30 May 2017, Geneva, Switzerland – Today, health leaders from across the world reaffirmed cancer control as a critical health and development priority as they adopted a new cancer resolution at the 70th World Health Assembly (WHA) in Geneva.
The current WHO Global Action Plan on Non-Communicable Diseases (NCDs) and the ambitious targets of the United Nations (UN) Sustainable Development Goals (SDGs) 2030, including SDG 3 (Good health and wellbeing), creates a timely imperative to invest in cancer, a leading NCD killer. With 1 in 3 people directly affected by cancer and 8.8 million annual deaths, this disease is one of the world’s most pressing health concerns.
Cancer is estimated to cost world economies as much as US$1.16 trillion annually – a figure that is projected to grow exponentially if action is not taken now to reduce the spiralling growth in the number of cases and the impact on both individuals and healthcare budgets. The greatest financial and human impact of cancer is felt within low- and middle-income countries (LMICs), where only 5% of global resources for cancer prevention and control are spent.
The 2017 cancer resolution is a direct response to this challenge, providing countries with guidance for change from health promotion and risk factor reduction, with particular emphasis on the tobacco control policies laid out in the WHO Framework Convention on Tobacco Control and anti-cancer vaccines, but also the need to address inequity in access to early detection, timely and appropriate treatment, including pain relief and palliative care. The Union for International Cancer Control (UICC) applauds the emphasis on evidence-based outcomes for all people living with cancer and inclusion of the special population of children, adolescents and young adults with cancer.
New is the emphasis on integration of cancer efforts across national health plans and the call for scale up of activities in line with the SDGs. Four key drivers impacting cancer mortality by 2025 that are supported by the updated WHO cost-effectiveness recommendations for NCDs also approved at this World Health Assembly are:
- Early diagnosis programmes for cervical, breast, colorectal and oral cancers
- Development of partnerships, referral networks and of centres of excellence for improving the quality of cancer diagnosis, treatment and care services and facilitating multidisciplinary cooperation
- Training of health professionals at all levels of health care, and
- Strengthening of palliative care and promotion of cancer survivors’ follow up and rehabilitation.
“Stakeholders from all sectors must now begin working together to ensure this latest global commitment document translates into impactful national action, particularly in LMICs where the cancer burden is set to increase most rapidly,” said Professor Sanchia Aranda, President of the Union for International Cancer Control (UICC).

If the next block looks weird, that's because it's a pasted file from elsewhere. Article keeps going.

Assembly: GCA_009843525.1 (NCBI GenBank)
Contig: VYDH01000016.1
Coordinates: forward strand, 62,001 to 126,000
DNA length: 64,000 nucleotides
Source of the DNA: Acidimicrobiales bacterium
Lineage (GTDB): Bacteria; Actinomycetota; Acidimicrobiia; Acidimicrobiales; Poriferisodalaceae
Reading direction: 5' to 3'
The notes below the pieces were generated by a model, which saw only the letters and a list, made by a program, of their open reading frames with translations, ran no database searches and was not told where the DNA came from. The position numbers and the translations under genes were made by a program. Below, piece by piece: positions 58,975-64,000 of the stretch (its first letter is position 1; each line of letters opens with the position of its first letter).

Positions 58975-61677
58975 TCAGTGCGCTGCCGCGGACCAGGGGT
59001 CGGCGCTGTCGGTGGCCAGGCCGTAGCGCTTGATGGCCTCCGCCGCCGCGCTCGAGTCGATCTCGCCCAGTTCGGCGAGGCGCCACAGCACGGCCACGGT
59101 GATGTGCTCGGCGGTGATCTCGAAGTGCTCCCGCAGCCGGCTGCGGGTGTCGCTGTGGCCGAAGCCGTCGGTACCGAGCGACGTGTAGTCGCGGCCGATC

This is the first time a cancer-specific agenda item has been discussed at the World Health Assembly since 2005, with Member States from all regions signalling their support of the process to develop a comprehensive resolution, ushering it through initial discussions at the WHO’s Executive Board meeting in January and co-sponsoring the final resolution.
This resolution is the result of a call to action raised following last year’s 69thWHA side event co-hosted by UICC on ‘Making the right investments for cancer control‘ with a number of Member States, including Jordan, Malaysia, Zambia, Honduras, Kuwait and Spain. This call stressed the importance of a clear health systems response for cancer, with an emphasis on a framework for strengthening diagnosis, treatment and care, particularly access and availability of surgery, radiotherapy and opioids for pain management, as well as addressing the rising costs for cancer medicines.
“Successful adoption of a comprehensive cancer resolution one year after we made the call to action shows Member States recognise the critical cost of inaction and are ready to act,” said HRH Princess Dina Mired, President-elect, UICC.
With global commitments agreed, it is of paramount importance that Member States and civil society are equipped with data in order to target actions most effectively and support the plans and financing to follow through with immediate national action to see a 25 percent reduction in NCDs by 2025.
Last week’s appointment of Dr Tedros Adhanom Ghebreyesus as WHO’s new Director General offers a key opportunity to strengthen the organisation’s role in leading the NCD response – a commitment made during his election speech that UICC looks forward to seeing implemented.
“We are delighted to see a 2017 cancer resolution that is well timed to drive progress that will have an impact by 2025. UICC will join the NCD community in the lead-up to next year’s United Nations High-level Meeting on NCDs, which provides the first formal opportunity since 2014 to check in against cancer and NCD targets, and to stress the urgency of the actions put forward in the cancer resolution,” said Cary Adams, UICC CEO.
Adopted from UICC